ONBG meeting – Sunday 18th May 2014

Meeting_at_Sarahs

The gossip begins

16 people were able to attend the meeting at Sarah’s house, including many new faces. And some ‘Unplanned Events’, made it probably the most exciting meeting we’ve had.

The unplanned, but happy, events were  swarms!

 

I brought along a swarm I had just collected half an hour before the meeting. My hives were all occupied, but I knew there would be members present in need of swarms. Natural beekeepers prize swarms because they have almost always come from a healthy, thriving colony; if from a feral colony, they will have pest-resistant genes and behaviour; and starting a hive with a swarm means the bees start with a very low varroa count. If the queen is a virgin queen, the colony will take longer to build up as there will be a significant brood break and again, this hinders varroa. Finally, unconventional hive shapes mean it is very difficult to buy a nucleus and fit its standard frames inside, so swarms are a very convenient “starter kit”.

The following gallery showing its collection and hiving – I’d never seen a swarm on the ground before, I improvised by gently picking up the densest clumps of bees and placing them in the box. Second guess lucky, I got the queen, and thereafter the bees followed her in – it took about 40 minutes to box them up. Pictures 3 and 6 are practically mirror images of each other as the bees first march into the box, then out again! They just want to be with Queenie.

But that wasn’t the only swarm at the meeting! Sarah had cleverly arranged for one to coalesce on a neighbour’s tree about 30 mins after we met up! We never found out where it had come from. But we had the right tools (bucket on a stick) and knocked it off a branch and collected that too: an impromptu training session for those who had not seen it before, and entertaining street theatre for the neighbours.

The swarm from the tree was taken to Ann’s apiary after the meeting, and due to time pressure, simply poured gently into a Warré. It was still happily in there a day later, building comb.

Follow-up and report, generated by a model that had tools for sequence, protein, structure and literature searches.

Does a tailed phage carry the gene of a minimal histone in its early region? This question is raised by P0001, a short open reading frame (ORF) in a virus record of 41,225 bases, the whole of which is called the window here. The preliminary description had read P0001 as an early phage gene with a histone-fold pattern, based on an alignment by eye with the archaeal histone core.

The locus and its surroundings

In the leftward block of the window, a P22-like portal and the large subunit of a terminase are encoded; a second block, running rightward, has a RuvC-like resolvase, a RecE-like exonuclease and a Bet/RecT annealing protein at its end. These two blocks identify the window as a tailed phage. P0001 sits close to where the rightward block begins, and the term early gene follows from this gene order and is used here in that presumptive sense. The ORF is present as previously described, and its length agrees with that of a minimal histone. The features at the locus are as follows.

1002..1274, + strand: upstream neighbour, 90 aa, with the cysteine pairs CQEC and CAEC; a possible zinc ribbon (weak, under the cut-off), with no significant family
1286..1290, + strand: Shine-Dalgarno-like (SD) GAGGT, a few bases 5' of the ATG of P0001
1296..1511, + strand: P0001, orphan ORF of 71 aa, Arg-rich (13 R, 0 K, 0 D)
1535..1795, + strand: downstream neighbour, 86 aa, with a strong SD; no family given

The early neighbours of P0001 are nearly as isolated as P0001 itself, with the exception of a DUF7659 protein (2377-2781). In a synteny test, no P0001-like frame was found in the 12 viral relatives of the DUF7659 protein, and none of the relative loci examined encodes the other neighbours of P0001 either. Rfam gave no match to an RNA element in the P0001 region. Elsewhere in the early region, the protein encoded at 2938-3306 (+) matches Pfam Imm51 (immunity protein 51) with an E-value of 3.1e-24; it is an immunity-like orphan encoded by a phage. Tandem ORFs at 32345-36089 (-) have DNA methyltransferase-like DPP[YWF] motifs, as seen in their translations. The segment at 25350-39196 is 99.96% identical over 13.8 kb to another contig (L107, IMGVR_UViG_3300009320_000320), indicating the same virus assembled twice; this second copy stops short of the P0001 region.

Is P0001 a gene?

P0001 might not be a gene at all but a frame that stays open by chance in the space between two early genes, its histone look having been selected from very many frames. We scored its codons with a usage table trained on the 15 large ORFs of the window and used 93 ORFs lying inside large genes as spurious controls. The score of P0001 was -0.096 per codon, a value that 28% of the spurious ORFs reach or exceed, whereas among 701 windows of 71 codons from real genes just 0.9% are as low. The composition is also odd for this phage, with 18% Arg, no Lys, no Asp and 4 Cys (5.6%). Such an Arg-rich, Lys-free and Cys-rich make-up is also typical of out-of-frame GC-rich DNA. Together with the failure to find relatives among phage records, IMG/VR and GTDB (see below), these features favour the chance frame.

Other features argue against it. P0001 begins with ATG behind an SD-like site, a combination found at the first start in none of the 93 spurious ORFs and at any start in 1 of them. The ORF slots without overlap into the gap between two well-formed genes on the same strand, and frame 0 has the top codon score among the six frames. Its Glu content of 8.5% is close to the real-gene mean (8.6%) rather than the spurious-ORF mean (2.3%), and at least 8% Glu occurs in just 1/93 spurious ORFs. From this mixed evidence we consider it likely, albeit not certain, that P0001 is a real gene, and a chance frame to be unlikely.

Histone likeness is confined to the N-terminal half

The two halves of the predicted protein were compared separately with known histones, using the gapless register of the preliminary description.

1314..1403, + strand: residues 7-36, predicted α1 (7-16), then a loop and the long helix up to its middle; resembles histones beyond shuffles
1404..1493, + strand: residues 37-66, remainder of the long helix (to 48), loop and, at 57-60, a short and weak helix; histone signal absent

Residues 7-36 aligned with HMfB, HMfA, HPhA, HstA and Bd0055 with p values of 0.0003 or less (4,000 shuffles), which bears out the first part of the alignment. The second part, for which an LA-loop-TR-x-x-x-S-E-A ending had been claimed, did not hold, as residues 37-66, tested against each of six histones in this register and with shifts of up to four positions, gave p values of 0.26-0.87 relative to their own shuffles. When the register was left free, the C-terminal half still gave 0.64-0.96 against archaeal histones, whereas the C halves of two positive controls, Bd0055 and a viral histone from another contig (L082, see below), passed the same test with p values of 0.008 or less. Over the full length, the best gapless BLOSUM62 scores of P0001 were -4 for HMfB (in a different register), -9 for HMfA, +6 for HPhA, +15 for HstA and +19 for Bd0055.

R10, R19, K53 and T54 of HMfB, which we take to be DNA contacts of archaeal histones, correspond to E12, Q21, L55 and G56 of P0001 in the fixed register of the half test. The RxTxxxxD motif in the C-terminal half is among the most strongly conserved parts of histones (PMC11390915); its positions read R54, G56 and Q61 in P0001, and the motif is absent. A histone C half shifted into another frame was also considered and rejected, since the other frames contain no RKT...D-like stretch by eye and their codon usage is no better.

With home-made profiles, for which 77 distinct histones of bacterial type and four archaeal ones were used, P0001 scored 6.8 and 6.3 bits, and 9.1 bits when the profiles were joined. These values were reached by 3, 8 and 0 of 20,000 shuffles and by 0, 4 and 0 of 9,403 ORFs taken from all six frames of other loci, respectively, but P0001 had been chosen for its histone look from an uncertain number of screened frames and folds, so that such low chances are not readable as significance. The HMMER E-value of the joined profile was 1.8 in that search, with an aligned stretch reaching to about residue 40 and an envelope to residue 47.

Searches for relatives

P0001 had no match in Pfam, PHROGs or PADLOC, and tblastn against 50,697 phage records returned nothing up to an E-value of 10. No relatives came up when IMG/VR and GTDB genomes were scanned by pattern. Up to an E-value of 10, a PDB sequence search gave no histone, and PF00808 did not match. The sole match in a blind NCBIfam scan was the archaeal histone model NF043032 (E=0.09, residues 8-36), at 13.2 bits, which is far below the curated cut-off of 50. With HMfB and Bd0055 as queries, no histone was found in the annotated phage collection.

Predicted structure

And finally, shortly thereafter, Peter showed up – with the third swarm! He’d been called home from the start of the meeting when his wife noticed a swarm emerging from one of his own hives. As he had placed it in a top bar nucleus hive, he handed this one over to Joshua, a new member who has just built a couple of TBH’s, and probably wasn’t expecting to get bees quite so soon. Joshua can now just lift the top bars out of the nucleus hive and deposit them in his own TBH.

Apart from these off-script interruptions, the meeting itself was a good one with good company and stimulating discussions:

  • People introduced themselves and linked up with nearest-neighbours.
  • Helen described how her modified TBH using the Warré gapped bar & top quilt principles had solved her cross-combing problems and was producing beautiful straight comb
  • Will discussed how he might convert his Nationals to use low-intervention principles, such as foundationless natural comb
  • Ann explained that she already runs two Nationals in this way, without frames. Her third hive is a Warré.
  • Gino exhibited his customised top bar with holes to allow access to a feeder under the roof
  • Shirin described how she introduced some bees into a Warré a year ago and has just left them to it. They are calm and vigorous and build good straight comb, with no intervention required from her.
  • Helle’s Warré is also thriving
  • Shadiya described her unexpected discovery of a bee colony in a tea chest on her property. (It had housed a colony a couple of years ago, which died out, but it has been covertly recolonised.)
  • There was a general question and answer session where Sarah, Shadiya, Helen, Peter & Gino shared their experience and insight with the newcomers on subjects varying from “why keep bees if you don’t prioritise honey?”, “how do you control swarms?”, “what’s an eke?” and “are badgers a problem?” to “what do I do with this swarm I’ve just been given?” and explaining about how no-treatment beekeepers give bees a suitable environment to control varroa by themselves.